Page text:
The book begins with an analysis of the crisis of the idea of picture ( Realism and Surrealism: Modern Art after Bloodshed ), brought about in the late 40s by the experience of war horror. The analysis has been inspired by the psychoanalytic theories of Jacques Lacan and Julia Kristeva. In terms of history, the object of critical attention is the achievement of Tadeusz Kantor - both his underground theater of the war years and his later painting - and the art of Andrzej Wróblewski. The common context is the problem of war and its influence on the idea of work of art according to Kantor and Wróblewski, both of whom put forward a critique of the painting defined as a "screen" between the subject and the object, and made attempts to formulate a conception of art based on "repetition" rather than "representation."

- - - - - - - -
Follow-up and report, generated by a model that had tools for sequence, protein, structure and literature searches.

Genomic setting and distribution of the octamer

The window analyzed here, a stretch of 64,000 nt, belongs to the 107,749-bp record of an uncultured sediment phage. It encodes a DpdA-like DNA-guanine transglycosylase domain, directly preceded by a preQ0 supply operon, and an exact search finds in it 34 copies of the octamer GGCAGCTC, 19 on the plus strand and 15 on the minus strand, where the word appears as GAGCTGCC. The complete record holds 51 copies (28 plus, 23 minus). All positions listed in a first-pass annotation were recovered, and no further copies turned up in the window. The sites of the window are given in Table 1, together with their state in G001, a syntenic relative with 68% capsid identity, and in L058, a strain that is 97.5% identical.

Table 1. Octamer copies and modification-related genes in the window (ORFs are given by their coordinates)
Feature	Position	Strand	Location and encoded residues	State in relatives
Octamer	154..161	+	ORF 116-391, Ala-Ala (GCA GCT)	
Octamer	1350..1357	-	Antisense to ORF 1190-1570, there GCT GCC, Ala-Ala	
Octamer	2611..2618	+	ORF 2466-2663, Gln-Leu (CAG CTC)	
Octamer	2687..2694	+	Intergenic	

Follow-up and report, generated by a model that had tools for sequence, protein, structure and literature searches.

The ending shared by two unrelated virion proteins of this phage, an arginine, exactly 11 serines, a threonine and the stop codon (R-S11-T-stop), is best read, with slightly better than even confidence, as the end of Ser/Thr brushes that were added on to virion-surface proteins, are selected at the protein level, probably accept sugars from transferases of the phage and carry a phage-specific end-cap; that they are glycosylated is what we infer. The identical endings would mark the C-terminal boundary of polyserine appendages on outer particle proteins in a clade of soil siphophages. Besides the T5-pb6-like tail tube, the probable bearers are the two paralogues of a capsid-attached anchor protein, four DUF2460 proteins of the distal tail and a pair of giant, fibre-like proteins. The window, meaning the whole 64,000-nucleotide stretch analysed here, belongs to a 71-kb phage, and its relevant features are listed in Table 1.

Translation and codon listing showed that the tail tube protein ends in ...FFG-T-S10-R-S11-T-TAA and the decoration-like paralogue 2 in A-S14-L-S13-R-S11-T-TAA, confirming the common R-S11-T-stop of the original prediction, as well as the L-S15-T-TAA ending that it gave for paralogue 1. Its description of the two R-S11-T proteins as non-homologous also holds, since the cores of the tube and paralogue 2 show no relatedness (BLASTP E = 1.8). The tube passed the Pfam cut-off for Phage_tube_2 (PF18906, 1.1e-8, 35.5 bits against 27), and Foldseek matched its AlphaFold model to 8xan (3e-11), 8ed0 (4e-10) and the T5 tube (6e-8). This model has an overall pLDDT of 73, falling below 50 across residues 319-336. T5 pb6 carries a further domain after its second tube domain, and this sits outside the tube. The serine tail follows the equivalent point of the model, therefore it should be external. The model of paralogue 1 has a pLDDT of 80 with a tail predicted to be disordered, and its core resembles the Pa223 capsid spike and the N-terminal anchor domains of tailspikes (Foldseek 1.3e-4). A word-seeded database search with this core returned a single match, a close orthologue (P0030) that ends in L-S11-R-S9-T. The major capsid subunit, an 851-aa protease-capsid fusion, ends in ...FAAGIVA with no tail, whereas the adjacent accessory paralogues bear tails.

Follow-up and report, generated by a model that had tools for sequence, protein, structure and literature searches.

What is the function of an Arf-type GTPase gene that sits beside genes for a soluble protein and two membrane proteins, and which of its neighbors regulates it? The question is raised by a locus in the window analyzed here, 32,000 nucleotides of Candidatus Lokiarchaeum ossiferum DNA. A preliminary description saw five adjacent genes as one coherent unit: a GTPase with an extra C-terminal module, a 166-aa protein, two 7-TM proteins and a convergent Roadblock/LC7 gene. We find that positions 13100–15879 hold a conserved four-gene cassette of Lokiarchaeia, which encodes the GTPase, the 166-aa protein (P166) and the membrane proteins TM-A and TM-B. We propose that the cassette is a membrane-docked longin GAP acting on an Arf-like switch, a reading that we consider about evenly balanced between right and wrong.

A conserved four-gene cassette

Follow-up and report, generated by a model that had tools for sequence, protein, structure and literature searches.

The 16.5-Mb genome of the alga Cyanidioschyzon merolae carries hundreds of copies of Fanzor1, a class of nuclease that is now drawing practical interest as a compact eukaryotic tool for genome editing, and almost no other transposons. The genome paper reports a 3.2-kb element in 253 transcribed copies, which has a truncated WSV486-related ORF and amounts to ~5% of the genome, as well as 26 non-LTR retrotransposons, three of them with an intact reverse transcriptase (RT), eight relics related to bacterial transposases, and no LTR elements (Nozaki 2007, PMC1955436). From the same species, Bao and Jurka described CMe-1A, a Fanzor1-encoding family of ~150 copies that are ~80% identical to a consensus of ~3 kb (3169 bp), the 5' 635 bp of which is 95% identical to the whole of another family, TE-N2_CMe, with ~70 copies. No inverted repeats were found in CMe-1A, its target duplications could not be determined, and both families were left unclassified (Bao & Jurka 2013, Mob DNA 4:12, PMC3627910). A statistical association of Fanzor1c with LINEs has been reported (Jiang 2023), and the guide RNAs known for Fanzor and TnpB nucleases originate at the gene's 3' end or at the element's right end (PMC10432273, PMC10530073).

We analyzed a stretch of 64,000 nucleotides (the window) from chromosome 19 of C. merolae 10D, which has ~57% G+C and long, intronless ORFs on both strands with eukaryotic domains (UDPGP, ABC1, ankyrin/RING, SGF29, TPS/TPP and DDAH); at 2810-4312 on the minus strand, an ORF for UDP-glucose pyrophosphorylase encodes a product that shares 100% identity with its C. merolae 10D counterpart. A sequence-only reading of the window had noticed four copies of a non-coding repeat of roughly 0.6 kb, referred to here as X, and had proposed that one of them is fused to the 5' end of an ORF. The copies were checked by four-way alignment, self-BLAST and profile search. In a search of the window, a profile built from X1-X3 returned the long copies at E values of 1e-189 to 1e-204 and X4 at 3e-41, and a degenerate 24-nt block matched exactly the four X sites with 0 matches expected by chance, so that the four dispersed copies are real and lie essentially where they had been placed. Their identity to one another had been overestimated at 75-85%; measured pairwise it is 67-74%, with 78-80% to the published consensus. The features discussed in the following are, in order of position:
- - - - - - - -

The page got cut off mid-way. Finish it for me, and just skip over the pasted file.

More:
The next part, Modernism and the Socialist Culture , focuses on the involvement of the art of informel in the political mechanisms of the "thaw" around 1956: the political strategies of both the regime established after the breakthrough of October 1956 and the artists themselves. The new authorities needed new legitimation so that, having rejected socialist realism as discredited by the Stalinist cultural policy, they endorsed modernism, trying to find allies among the intellectuals and artists who realized that modern art could function only with an approval of the communist party. Consequently, the price paid for that approval was political neutrality of art, convenient both for the authorities and abstract painters. The same strategy pertained also to the so-called Polish colorism or post-impressionism - a thoroughly conservative kind of art which, however, in the late 50s adopted some formal features of late modernist painting.